How does a Southeastern film festival land a spot on Film Freeway’s top 100 best-reviewed festivals list after its first year?
“We took Southern hospitality to the next level,” says Southern City Film Festival founder Justin Wheelon, a writer/director/producer of multiple indie productions and film, TV and stage actor in Southern Comfort, The Spitfire Grill and other works. “We made sure the filmmakers didn’t want for anything while they were here. That’s our shtick going forward.”
Southern City, a three-pronged operation (consisting of the festival, an educational institute and a production department) based in the small town of Aiken, South Carolina, just wrapped its first year run in November 2016. Wheelon’s venture has taken cues from both the mission of the Sundance Institute and the festival’s geographically dominant predecessor, Atlanta Film Festival. Aside from being perceived as “nicer” (a perk not to be underestimated) than fests held in, say, New York or California, SCFF nurtures local talent with access to facilities, studio space and free rental equipment, as well as hearty hands-on training of both students and teachers.
Speaking with MovieMaker, Wheelon discusses some of the misperceptions of Southern cinema (ones he’s sought to counter with the festival), what it took to win over the skepticism of Aiken and the local school board to launch Southern City, the multitude of voices and eclectic backgrounds welcomed by the city, and more.
Max Weinstein, MovieMaker Magazine (MM): What are some of the biggest misconceptions about films and filmmakers in the American Southeast? How does Southern City correct those misconceptions in its programming and through the institute?
Justin Wheelon (JW): A big misconception is that filmmakers in the Southeast are maybe not as good as those in Hollywood or New York. That seems to be a big debate going on around the area: “Do we hire people from L.A., or do we go to Atlanta?” That wasn’t a deciding factor on our program. We didn’t really take into account where filmmakers were from. We had our judges’ scores, and we took the best films. They came from 26 different countries, mostly U.S.A., but everywhere. Our Best Short winner was a Southern-based film and the director’s from around here, and then we had another winner that was from Chattanooga, Tennessee, and another guy from Atlanta. There was no thought or consideration to where people were from when those decisions were being made.
We’re the first film festival ever in our community. Aiken, South Carolina is pretty progressive as far as culture and arts go, but a lot of the town was a mix of excited and skeptical. They didn’t know what a film festival was—which I always thought was funny because the name was self-explanatory, you know? I’d ask, “You ever heard of Sundance?” “Yeah, I’ve heard of that.” “Well it’s like that.”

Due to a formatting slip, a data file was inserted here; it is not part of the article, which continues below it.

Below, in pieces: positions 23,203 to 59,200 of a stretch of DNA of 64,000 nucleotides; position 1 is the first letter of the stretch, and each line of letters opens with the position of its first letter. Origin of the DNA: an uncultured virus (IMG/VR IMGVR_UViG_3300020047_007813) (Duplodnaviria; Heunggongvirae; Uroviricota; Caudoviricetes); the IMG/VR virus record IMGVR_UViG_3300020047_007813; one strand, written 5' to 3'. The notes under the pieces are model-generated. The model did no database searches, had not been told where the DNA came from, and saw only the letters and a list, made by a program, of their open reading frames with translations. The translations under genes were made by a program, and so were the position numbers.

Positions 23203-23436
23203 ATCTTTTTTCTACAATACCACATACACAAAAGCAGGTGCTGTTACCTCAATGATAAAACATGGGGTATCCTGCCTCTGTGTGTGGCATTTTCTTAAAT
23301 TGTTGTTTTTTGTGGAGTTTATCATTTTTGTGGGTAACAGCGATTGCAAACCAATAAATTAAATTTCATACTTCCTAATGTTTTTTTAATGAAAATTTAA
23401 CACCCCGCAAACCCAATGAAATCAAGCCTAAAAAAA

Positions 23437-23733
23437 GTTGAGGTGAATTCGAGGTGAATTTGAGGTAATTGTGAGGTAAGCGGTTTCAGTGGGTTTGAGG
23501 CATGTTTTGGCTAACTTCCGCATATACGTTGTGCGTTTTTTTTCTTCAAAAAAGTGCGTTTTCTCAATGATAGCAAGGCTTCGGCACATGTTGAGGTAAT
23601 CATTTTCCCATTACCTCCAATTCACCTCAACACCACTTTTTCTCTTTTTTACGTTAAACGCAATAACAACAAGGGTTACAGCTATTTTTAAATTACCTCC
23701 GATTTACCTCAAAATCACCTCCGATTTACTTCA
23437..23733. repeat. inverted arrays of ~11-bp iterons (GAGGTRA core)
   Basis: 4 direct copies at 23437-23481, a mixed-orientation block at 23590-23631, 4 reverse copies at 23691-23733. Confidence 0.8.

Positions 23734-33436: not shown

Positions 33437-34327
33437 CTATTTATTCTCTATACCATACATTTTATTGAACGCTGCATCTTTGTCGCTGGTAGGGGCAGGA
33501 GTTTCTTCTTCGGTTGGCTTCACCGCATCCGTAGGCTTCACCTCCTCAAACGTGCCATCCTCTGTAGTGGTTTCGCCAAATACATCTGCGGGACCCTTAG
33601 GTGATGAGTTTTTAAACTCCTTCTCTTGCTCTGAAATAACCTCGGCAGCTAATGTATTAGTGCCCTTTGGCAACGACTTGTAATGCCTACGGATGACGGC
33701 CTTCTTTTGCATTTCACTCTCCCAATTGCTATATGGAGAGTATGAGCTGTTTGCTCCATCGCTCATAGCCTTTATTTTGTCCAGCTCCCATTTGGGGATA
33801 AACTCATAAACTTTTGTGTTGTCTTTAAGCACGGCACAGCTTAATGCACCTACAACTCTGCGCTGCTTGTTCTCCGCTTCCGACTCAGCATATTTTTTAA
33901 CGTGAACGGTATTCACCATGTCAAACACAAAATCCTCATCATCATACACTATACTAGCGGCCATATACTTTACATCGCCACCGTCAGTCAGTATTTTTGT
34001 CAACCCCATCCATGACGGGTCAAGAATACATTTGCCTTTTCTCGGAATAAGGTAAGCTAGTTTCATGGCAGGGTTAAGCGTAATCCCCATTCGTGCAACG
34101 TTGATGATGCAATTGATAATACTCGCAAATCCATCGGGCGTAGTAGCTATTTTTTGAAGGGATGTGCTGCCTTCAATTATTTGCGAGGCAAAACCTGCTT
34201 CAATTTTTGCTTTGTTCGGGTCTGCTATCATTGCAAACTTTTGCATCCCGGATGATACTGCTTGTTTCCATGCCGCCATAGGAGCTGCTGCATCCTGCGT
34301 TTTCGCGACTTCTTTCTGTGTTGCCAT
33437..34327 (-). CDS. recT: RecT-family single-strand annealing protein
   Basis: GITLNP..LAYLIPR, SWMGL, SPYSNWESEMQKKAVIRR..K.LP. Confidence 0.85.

We knew that if we were to try to hurry it together it wouldn’t be what we were picturing, and then the town would be soured to the idea of a film festival. They’d just say, “Ah yeah, I remember that it wasn’t that great.” So, we postponed the inaugural year from 2015 to 2016, and we went all out. We brought in critic Jeffrey Lyons to be a judge, musician Edwin McCain, artists, athletes and actors, everybody. Every big city has a film festival: Atlanta, Charlotte, Charleston, Greenville. All those cities knew exactly what a film festival was and they already had them, but we did do really well in Aiken and Augusta, too.
In fact, the festival has a category called the Homegrown category. It’s for what we call the CSRA, the Central Savannah River Area, which includes Augusta, Mansfield, Aiken, different places around where we live. The Homegrown category is only open exclusively to those people. So that’s something we’re doing for filmmakers in our region.
MM: You mentioned Aiken’s skepticism about the economic or cultural benefits of a film festival, as well as the challenges of getting the participation of the school board. Talk about some of the hoops that you had to jump through in order to earn the support of those groups.
JW: Most people thought it was good idea, they just didn’t know what this would look like. I had won a couple of Emmy awards [for two PSAs], so they trusted me. They all knew me from different stories in the paper, so I leveraged my relationships and told them, “Look, these things make lots of money for the city, not even just for the organization.” I told them about, for instance, Sundance—look at their economic impact study; they brought in over $100 million just to the cities, and that’s nothing to do with how much the organization made.
The mayor and the president of the chamber were on board. They told the city, “You need to support this.” People came in, they bought out hotel rooms, they ate breakfast, lunch and dinner here, they shopped downtown, some people rented cars. It gave the city an economic boost, which is what some people wanted to see. That was their dog in the fight—”Will this do anything for the city?”—and it did.
The second question was the school board. There’s 20,000 kids in the school system here and they get zero exposure to anything film-related. Film is this huge industry that exists, but they have no knowledge of it. Classes and workshops are where they get to have a greater exposure to it. We train the teachers on how to make a film and assembled a booklet for them so they can go make these films in their classrooms. We’re the first and only people to really try that in this city. It goes for Augusta as well; our reach is further than Aiken.